The optional ground loop breaker components (RGL, RGR, CGL and CGR) may be installed if you are building a single-chassis amplifier where AC mains voltage will be present in the chassis. The chassis should be connected to AC earth (via the AC power cord's ground prong), while the amplifier's signal ground should be isolated from the chassis. The ground loop breaker will add a resistive connection (bypassed by the capacitor) between the signal ground and the chassis, through the board's mounting hole pads and metal standoffs. This allows the chassis to function as a RFI shield.
If your δ1 board will remains in one piece, plug the J4 right-angle unshrouded pin header and J5 right-angle pin receptacle into each other, insert the assembly into the board's J4 and J5 pads, then solder the assembly in place. See the photos below.
If your δ1 board was snapped apart into separate driver and attenuator sections, then solder the right-angle shrouded pin headers into the J4 and J5 positions on the board, then make IDC ribbon cable assembly. The photo below shows a right-angle shrouded pin header soldered to the driver section. The attenuator side will have the same pin header. Note that this pin header is a slightly different style than the ones specified in the Parts list. It has extra latch/eject levers but the larger footprint blocks the holes meant for mounting this board behind the LCDuino-1 board as a "backpack".
When all soldering is done on the board, clean the solder flux residue from the board with isopropyl alcohol (or electronics flux remover) and a brush.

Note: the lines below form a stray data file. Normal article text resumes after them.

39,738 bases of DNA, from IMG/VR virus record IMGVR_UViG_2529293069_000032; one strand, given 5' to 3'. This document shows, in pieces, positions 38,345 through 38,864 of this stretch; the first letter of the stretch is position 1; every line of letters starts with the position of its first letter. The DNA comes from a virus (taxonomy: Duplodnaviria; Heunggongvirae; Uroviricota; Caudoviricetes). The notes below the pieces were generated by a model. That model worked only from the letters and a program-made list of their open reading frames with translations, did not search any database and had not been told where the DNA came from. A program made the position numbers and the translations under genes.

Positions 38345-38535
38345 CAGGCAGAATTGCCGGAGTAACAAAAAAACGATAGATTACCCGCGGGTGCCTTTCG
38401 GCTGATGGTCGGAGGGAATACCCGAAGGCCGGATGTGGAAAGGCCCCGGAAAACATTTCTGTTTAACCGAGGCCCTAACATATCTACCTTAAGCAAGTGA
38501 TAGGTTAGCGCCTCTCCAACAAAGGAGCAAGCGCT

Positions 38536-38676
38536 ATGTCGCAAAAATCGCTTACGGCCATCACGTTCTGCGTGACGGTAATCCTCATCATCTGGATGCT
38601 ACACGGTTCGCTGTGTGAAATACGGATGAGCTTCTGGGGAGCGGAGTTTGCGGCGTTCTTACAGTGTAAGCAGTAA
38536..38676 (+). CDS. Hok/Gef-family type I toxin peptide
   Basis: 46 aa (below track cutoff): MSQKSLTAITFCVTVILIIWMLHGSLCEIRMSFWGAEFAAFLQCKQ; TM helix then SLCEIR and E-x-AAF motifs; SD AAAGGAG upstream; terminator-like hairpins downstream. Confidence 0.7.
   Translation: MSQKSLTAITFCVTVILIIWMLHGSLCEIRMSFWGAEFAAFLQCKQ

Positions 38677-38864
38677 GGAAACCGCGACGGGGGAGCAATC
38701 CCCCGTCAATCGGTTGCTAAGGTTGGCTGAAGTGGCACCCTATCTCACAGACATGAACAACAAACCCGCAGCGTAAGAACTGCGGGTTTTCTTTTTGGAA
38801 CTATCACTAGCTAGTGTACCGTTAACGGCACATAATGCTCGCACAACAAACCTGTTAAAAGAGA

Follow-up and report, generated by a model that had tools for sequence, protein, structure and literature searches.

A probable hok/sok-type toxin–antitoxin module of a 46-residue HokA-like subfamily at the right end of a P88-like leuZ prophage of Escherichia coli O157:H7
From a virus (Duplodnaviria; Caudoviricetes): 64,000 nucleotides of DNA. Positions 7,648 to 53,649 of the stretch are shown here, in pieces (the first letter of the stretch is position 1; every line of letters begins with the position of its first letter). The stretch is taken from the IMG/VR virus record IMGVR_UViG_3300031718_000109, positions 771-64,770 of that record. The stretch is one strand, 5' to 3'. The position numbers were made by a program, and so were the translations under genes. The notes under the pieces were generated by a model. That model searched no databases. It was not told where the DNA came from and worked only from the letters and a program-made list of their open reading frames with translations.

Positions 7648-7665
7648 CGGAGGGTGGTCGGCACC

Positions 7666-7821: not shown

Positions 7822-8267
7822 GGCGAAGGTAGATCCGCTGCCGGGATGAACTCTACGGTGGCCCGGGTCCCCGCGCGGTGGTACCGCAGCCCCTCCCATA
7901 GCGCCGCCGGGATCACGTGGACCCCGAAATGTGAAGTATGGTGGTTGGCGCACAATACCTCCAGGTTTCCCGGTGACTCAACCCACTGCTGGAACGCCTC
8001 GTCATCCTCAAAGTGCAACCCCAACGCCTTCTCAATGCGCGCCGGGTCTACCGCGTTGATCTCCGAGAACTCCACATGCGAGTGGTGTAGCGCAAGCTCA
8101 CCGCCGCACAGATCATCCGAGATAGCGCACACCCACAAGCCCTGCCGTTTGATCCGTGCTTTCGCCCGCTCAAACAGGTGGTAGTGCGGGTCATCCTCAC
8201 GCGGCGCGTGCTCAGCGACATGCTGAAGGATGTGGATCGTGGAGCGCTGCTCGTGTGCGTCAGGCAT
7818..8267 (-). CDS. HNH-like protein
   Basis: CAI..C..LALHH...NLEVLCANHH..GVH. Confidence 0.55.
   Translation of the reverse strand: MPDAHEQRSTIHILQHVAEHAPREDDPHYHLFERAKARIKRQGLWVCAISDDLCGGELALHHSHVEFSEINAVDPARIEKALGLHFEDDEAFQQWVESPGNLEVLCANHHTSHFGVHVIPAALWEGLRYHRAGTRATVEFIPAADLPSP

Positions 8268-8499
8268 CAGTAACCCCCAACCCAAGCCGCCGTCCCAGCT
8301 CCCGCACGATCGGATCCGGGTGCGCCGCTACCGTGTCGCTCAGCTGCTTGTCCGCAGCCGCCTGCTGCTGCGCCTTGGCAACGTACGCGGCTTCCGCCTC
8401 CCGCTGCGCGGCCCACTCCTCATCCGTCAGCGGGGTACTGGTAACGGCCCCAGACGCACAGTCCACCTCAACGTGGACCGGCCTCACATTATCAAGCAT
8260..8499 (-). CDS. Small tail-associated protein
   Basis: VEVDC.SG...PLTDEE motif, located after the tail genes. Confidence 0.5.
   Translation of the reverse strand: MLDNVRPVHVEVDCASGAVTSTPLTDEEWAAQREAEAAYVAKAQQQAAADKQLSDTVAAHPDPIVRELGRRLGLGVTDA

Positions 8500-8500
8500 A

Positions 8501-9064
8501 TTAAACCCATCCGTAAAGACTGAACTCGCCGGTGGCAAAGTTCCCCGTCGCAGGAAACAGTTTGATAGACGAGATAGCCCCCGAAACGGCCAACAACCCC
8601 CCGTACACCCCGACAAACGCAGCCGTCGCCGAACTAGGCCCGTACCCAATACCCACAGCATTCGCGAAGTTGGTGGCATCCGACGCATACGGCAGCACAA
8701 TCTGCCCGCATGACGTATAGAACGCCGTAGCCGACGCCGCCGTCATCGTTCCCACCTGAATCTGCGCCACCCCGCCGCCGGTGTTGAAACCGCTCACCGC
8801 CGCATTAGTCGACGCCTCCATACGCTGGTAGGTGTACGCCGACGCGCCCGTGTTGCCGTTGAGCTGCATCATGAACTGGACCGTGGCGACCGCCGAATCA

Lastly, build the Molex wiring harnesses for the audio input/output and I2C/Power/Ground connections, and proceed to the next section to connect everything together.
3. Power optionsNormally, the δ1 and δ2 stack of boards are powered completely by a +5V DC feed (VCC) from the LCDuino-1 board via the 6-wire I²C/PWR/GND cable. This power is supplied on both pins 1 and 2 of that cable. On δ1 and δ2, J1 pins 1 and 2 are designated as +5V IN and ALT PWR IN, respectively, as described in the following table:
On δ1 and δ2, the +5V input from J1 pin 1 is always used to power the I²C port expanders U1+ and U1-. The relays coils and the darlington drivers U2+ and U2- can be configured to get their power from either J1 pin 1 or J1 pin 2, by installing a jumper across JP2 1-2 or JP2 2-3, respectively.
In the standard configuration (with a straight-through 6-wire cable), LCDuino-1 supplies +5V to both pins, therefore it doesn't really matter how you set the JP2 jumper, all parts on the δ1/δ2 boards will get their +5V power from the LCDuino-1. Nevertheless the recommended setting is to install the jumper across JP2 2-3 so that the power for the I²C port expanders rides on a different wire than the power for the relays and their darlington drivers. This configuration is shown in the left side diagram below (click diagram to enlarge).